- Reiki therapy, a gentle, non-invasive form of therapy that uses energy to promote healing, reduce pain and enhance the cancer patient’s general well-being
- Breathing and relaxation techniques, to revive weary patients and help them establish a sense of calm
- Guided imagery, which leads patients through positive visualization exercises, helping them detach from the pain and transport themselves to a soothing state
- Music therapy, which encourages patients to release stress and negativity by listening, discussing, creating or playing along to music
- EFT, or the Emotional Freedom Technique, which uses tapping on specific acupressure points to alleviate emotional and physical discomfort
This multidisciplinary team of clinicians uses physical, occupational, manual, speech and language therapy to help cancer patients relieve a wide variety of cancer-related side effects, including pain. Oncology rehabilitation therapists use different exercises to help patients experiencing pain from surgery or treatment, as well as body/muscle/joint stiffness from reduced mobility. Practicing proper posture and stretching and strengthening exercises may restore normal body positioning and reduce stress on the spine and joints. Speech therapy may help reduce pain associated with eating, swallowing and speaking. Massage therapy offers a variety of services to reduce pain and headaches, including manual massage, acupressure, reflexology and craniosacral therapies. Some massage therapists may offer Reiki therapy.
Pain management physicians are essential players on the cancer patient’s care team. At CTCA, our pain management team is staffed by physicians and other clinicians trained in cancer care. These doctors primarily help patients find relief through the use of prescription and non-prescription pain medications. This requires an ongoing dialogue with patients and their care teams to ensure drugs are working as intended, while balancing and managing potentially harmful medication-related side effects. Pain management physicians may also use nerve block therapies, implanted pain pumps or trigger point injections to address pain, and they often recommend other integrative care services such as chiropractic care, physical and massage therapy to achieve a well-rounded symptom-relief management plan.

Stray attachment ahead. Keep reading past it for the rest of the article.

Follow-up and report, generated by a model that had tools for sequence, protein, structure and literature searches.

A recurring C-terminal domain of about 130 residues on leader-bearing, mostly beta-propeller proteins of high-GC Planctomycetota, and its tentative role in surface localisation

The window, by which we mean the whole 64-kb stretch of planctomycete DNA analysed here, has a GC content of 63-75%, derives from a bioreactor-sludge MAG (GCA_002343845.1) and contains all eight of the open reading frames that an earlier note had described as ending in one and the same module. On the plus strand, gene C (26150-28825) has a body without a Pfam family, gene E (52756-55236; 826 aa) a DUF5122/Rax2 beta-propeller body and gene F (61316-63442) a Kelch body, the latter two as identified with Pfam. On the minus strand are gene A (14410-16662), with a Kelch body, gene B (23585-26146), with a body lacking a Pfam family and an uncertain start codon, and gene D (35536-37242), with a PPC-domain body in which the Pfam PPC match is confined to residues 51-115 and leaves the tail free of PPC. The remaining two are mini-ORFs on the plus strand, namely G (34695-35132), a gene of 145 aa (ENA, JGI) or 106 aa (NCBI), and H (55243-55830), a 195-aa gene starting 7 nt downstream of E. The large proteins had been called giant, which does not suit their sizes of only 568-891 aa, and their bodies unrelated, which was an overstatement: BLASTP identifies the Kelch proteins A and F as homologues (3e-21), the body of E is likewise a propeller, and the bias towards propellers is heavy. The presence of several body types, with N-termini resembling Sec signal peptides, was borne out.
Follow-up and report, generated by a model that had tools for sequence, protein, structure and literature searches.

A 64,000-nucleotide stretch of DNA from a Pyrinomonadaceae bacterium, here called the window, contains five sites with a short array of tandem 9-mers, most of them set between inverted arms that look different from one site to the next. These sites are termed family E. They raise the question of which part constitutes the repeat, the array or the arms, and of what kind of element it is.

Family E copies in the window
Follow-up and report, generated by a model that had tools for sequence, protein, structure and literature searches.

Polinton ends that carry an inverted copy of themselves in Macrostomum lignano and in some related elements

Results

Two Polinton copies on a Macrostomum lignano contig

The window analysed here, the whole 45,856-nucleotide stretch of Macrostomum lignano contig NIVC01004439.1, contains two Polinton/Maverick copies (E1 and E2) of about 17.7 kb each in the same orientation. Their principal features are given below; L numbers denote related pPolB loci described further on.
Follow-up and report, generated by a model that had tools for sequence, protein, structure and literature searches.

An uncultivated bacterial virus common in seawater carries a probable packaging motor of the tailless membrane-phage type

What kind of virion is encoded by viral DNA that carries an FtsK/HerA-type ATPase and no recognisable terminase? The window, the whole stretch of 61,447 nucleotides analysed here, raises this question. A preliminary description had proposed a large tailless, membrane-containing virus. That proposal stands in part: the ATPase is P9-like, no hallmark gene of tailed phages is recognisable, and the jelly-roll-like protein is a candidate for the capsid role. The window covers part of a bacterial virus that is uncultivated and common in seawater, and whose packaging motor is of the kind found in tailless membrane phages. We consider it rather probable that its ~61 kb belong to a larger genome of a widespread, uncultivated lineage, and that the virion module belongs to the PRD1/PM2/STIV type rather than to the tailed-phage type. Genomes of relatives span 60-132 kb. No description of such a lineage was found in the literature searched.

Whether patients are suffering physically or emotionally, faith can offer a meaningful new perspective that can provide pain relief. Anger, guilt or anxiety—emotions that are common to patients confronting a cancer diagnosis—may compound physical pain. With the help of spiritual support services, patients work with chaplains and spiritual advisors to learn how to release and heal painful thoughts, judgments and feelings. The pastoral care team at CTCA may help them view their circumstances through a new lens and focus their attention away from the pain through prayer, meditation and other spiritual therapies. While these services don’t promise to eliminate pain, they can offer a source of diversion and comfort that may prove beneficial to symptom relief.